To elaborate further on my first blog in this series, if we want to understand the Sacred Heart, then we have to understand the Person and love of Jesus Christ. But if we want to understand the Person and love of Jesus Christ, then we have to first understand Jesus Christ Himself – Who and What He is. Which is the purpose of “Christology” – trying to contemplate the Who and What of Jesus Christ. If you think, for instance, of Matthew 16, we get the all-important question: “Who do people say that I am?” Well, some say you’re Jeremiah, some Elijah, as the apostles respond – two prophets that Jesus acts a lot alike. But then He makes the question personal to the 12 apostles: “but…Who do you say that I am…you St. Peter, you St. John, you Judas”. So it becomes a very personal question for the 12 apostles…Who is Jesus Christ? The same question that our Lord asks each of us today: Who do we say is Jesus Christ? With how we answer that question being of supreme importance, for that answer has a profound effect on the life that we choose to live. Is Jesus Christ a nice moral teacher, but no different from other religious leaders? Or is He something more, something worth being martyred for, as He was for 10 of these 12 apostles to whom Jesus first asked the question? Who is Jesus Christ…life radically changes, depending on how we answer the question.
Now then, first thing to do is define two philosophical concepts: “nature” and “person”. Let’s start with the concept of “nature”. Every being, meaning everything that exists (whether the angel, human, dog, tree, rock), exists according to a certain “nature”. And this nature of the being is essentially the definition of the being or what the thing is. For example, you are a human because you have the nature of a human, a cat is a cat because it has the nature of a cat, and a dog is a dog because it has the nature of a dog. Hence, different beings, different existing things, are different because they have different natures, a different “whatness”, as we may say.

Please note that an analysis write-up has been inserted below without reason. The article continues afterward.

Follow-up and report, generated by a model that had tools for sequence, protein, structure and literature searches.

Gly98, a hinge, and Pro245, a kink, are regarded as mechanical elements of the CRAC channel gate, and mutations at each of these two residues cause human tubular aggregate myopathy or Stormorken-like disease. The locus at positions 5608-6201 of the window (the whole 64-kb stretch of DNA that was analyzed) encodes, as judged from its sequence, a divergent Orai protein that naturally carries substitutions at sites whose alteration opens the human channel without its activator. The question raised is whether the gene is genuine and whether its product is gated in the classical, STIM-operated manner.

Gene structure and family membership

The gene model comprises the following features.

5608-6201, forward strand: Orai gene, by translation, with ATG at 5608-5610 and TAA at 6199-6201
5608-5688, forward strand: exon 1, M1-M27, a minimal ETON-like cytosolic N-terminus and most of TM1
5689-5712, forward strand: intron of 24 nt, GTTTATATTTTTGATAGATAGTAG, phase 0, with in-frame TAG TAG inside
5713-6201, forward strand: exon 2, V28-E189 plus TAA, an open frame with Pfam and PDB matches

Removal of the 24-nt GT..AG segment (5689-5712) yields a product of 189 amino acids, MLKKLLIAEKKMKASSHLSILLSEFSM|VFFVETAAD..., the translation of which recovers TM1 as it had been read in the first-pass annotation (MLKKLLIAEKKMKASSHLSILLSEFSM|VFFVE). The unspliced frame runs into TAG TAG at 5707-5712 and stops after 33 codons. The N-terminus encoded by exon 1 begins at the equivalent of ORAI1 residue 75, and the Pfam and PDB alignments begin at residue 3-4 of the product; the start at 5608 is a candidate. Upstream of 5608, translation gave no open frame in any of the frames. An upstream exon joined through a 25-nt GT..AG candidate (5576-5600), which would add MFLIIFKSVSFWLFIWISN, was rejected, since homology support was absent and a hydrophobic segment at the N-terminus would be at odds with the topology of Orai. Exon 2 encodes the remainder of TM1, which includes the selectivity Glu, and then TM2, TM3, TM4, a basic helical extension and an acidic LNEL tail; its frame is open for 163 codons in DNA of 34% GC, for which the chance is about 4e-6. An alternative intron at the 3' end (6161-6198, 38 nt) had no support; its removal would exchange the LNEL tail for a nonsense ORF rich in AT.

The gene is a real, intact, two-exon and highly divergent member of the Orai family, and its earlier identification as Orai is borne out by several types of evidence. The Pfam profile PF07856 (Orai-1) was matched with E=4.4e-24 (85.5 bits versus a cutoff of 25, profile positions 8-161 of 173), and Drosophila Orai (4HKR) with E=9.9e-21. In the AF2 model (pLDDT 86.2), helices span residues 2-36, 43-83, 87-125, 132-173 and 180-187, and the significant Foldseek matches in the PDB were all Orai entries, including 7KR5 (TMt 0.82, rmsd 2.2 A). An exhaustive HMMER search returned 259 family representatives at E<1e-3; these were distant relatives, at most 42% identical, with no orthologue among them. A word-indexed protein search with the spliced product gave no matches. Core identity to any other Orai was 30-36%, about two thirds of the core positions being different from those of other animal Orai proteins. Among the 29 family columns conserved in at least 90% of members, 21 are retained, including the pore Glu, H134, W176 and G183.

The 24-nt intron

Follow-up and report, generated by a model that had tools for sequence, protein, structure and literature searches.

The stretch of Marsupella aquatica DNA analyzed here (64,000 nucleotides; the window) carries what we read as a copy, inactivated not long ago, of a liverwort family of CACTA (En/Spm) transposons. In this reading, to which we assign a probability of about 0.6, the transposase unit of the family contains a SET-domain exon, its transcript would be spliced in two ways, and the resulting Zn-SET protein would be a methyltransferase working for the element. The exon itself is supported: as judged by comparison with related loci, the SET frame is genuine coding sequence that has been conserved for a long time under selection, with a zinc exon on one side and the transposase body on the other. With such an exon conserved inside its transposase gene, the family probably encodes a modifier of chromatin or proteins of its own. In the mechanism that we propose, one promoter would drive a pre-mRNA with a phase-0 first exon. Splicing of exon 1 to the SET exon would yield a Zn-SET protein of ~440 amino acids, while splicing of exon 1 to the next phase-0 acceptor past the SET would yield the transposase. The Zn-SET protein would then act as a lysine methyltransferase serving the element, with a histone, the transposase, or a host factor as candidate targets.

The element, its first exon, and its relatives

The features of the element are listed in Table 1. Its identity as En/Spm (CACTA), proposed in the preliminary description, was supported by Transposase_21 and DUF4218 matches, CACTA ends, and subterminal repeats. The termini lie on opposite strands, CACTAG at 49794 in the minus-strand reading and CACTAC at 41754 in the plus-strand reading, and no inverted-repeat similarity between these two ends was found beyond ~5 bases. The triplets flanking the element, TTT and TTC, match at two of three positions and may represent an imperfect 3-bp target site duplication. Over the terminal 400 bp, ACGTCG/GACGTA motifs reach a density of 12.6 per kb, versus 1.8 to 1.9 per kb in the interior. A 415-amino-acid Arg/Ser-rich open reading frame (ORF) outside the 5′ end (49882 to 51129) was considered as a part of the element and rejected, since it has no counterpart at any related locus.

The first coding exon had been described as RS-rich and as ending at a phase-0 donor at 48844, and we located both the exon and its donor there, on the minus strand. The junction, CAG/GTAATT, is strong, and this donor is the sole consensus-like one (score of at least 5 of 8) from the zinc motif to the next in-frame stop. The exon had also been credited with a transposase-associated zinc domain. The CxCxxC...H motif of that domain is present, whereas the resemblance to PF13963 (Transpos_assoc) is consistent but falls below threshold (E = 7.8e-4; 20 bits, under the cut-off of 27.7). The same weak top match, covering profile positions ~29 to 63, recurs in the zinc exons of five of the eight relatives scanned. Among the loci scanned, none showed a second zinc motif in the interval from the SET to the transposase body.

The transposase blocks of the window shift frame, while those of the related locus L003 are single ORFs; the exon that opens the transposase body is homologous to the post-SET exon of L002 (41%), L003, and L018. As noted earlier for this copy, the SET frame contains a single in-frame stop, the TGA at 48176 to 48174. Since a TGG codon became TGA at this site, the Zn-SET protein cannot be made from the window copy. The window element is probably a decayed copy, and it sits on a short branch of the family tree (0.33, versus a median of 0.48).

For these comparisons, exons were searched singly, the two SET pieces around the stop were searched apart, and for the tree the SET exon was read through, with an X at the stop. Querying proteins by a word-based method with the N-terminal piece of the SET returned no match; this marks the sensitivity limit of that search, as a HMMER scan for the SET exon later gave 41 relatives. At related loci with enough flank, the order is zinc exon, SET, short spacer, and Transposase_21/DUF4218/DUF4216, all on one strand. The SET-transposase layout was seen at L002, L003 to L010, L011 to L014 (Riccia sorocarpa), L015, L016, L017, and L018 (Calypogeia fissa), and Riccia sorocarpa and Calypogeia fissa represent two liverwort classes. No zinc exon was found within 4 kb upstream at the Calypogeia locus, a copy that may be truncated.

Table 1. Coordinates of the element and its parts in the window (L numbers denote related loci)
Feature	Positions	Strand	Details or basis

But then the nature of the being is also further determinative of what that thing can do. For example, you are a human because you have a human nature, and because you have a human nature, therefore you can do things that humans can do – you can walk upright on two legs, choose to eat this or that, make a Holy Hour in an adoration chapel, etc. And a lion has a lion nature, so it can do things that lions can do – run on four legs, grow a mane, roar really loud, be the “king of the jungle”, as we say. So, the nature of the being defines both what the thing is and what that thing can therefore do. And you can only do what’s in your nature to do. A snake, for example, cannot walk upright on two legs because it’s not even in the nature of a snake to have legs to begin with. You are what you are and can do what you can do because that’s the nature of your being , that is how you exist. Hence, two different kinds of beings cannot do what the other distinctly and uniquely does – you can’t grow a paw because it’s not in your nature to grow a paw, for example, while the lion, likewise, cannot think and act rationally. So very simply, nature answers the question of what a thing is and then what it can do.
In our next post, we’ll address not just what a thing is and what it can do, but also what it ought to do!
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